Significant Ruling on Offer of Judgment and Strict Construction

A potentially landmark ruling was issued recently on the issue of the strictness of construction of offers of judgment and/or proposals for settlement under Florida Statutes § 768.79 and Florida Rule of Civil Procedure 1.442.  Though, perhaps the ruling itself further makes murkier the already tricky offer of judgment waters. 

Previous to the certified conflict between the First District in Borden Dairy Co. of Alabama, LLC v. Kuhajda, 171 So. 3d 242 (Fla. 1st DCA 2015) and the Fourth District in Bennett v. American Learning Systems of Boca Delray, Inc., 857 So. 2d 986 (Fla. 4th DCA 2003), as discussed in Kuhajda v. Borden Dairy Co., 41 Fla. L. Weekly S471 (Fla. October 20, 2016), the landscape was clear, if not laden with traps for prospective offerees. 

The previous clarity was lent by the Supreme Court of Florida in Diamond Aircraft Industries, Inc. v. Horowitch, where the Court made it clear (seemingly) that any deficiency—even if only a technicality and even (again, seemingly) despite the relative irrelevance of the deficiency to the action—would render the offer invalid.  107 So. 3d 362 (Fla. 2013).  For instance, under the holdings which were embossed by Horowitch, even the arguable deficiency of failure to mention attorneys’ fees in an offer where no attorneys’ fees have been sought in the case renders the offer invalid (e.g., Borden Dairy Co. of Alabama, LLC v. Kuhajda).  

To show even more the “strictness” of interpretation afforded before Bennett, courts had invalidated offers on the basis of failure to state both whether attorneys’ fees were included in the offer and whether they were sought in the claim (i.e., simply stating one or the other would not suffice).  Deer Valley Realty, Inc. v. SB Hotel Assocs. LLC, 190 So. 3d 203, 205 (Fla. 4th DCA 2016).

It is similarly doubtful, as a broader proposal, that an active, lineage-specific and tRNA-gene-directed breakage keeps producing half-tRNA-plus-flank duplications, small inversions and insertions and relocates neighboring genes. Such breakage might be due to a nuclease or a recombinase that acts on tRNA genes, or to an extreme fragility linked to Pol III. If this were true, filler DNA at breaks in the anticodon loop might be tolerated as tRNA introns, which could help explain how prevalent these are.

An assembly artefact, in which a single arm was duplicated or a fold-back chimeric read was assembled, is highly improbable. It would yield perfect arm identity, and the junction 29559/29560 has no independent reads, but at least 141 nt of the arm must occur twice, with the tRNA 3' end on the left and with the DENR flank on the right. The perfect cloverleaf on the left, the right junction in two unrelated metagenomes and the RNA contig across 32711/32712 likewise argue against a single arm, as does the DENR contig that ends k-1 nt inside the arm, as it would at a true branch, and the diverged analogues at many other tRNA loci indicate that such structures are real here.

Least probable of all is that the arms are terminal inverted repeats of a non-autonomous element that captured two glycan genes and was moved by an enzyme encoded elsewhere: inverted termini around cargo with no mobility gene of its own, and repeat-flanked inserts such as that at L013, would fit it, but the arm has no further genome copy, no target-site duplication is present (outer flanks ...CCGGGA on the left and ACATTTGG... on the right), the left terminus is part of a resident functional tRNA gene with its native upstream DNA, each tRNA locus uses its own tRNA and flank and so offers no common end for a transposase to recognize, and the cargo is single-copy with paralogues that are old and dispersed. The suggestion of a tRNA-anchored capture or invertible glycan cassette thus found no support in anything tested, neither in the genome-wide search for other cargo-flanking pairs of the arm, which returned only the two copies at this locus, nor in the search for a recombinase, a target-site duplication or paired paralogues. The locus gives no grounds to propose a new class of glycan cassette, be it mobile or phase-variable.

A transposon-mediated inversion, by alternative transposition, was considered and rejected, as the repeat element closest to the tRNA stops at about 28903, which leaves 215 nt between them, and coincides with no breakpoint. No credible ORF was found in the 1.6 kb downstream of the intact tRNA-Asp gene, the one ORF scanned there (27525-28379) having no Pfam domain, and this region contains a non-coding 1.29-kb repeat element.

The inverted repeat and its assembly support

However, the Court recently held in Kuhajda v. Borden Dairy Co. that an offer is not invalid simply because it fails to address whether the proposal includes fees and whether the fees were sought in the action if the action did not, in fact, seek attorneys’ fees as part of the claims therein.  41 Fla. L. Weekly S471 (Fla. October 20, 2016).  It would have been arguably a major departure and loosening of the “strict” standard for interpretation of the statute and rule to simply state that the offer in question need not address whether attorneys’ fees were included in the offer if it stated that fees were not sought in the case.  However, to state that neither was required seems to fly fully and firmly in the face of the long-held (and what could fairly be described as ‘hyper-technical’) strict construction mantra used to strike down innumerable offers on what often amounted to insubstantial technical deficiencies. 

It will be interesting to track how far district courts are willing to go in loosening standards under § 768.79 and Rule 1.442 following Kuhajda.  Offers of judgment now potentially move from the realm of clear law with many known traps, to unclear law and unknown traps.  Such rulings often keep litigators very busy in the time after reconsidering their position in cases where offers of judgment are in play and remind litigants that the expertise of an experienced litigation attorney is more valuable now than ever.   If you have questions about your case or need help in a dispute, turn to the trusted litigation attorneys of Icard Merrill today.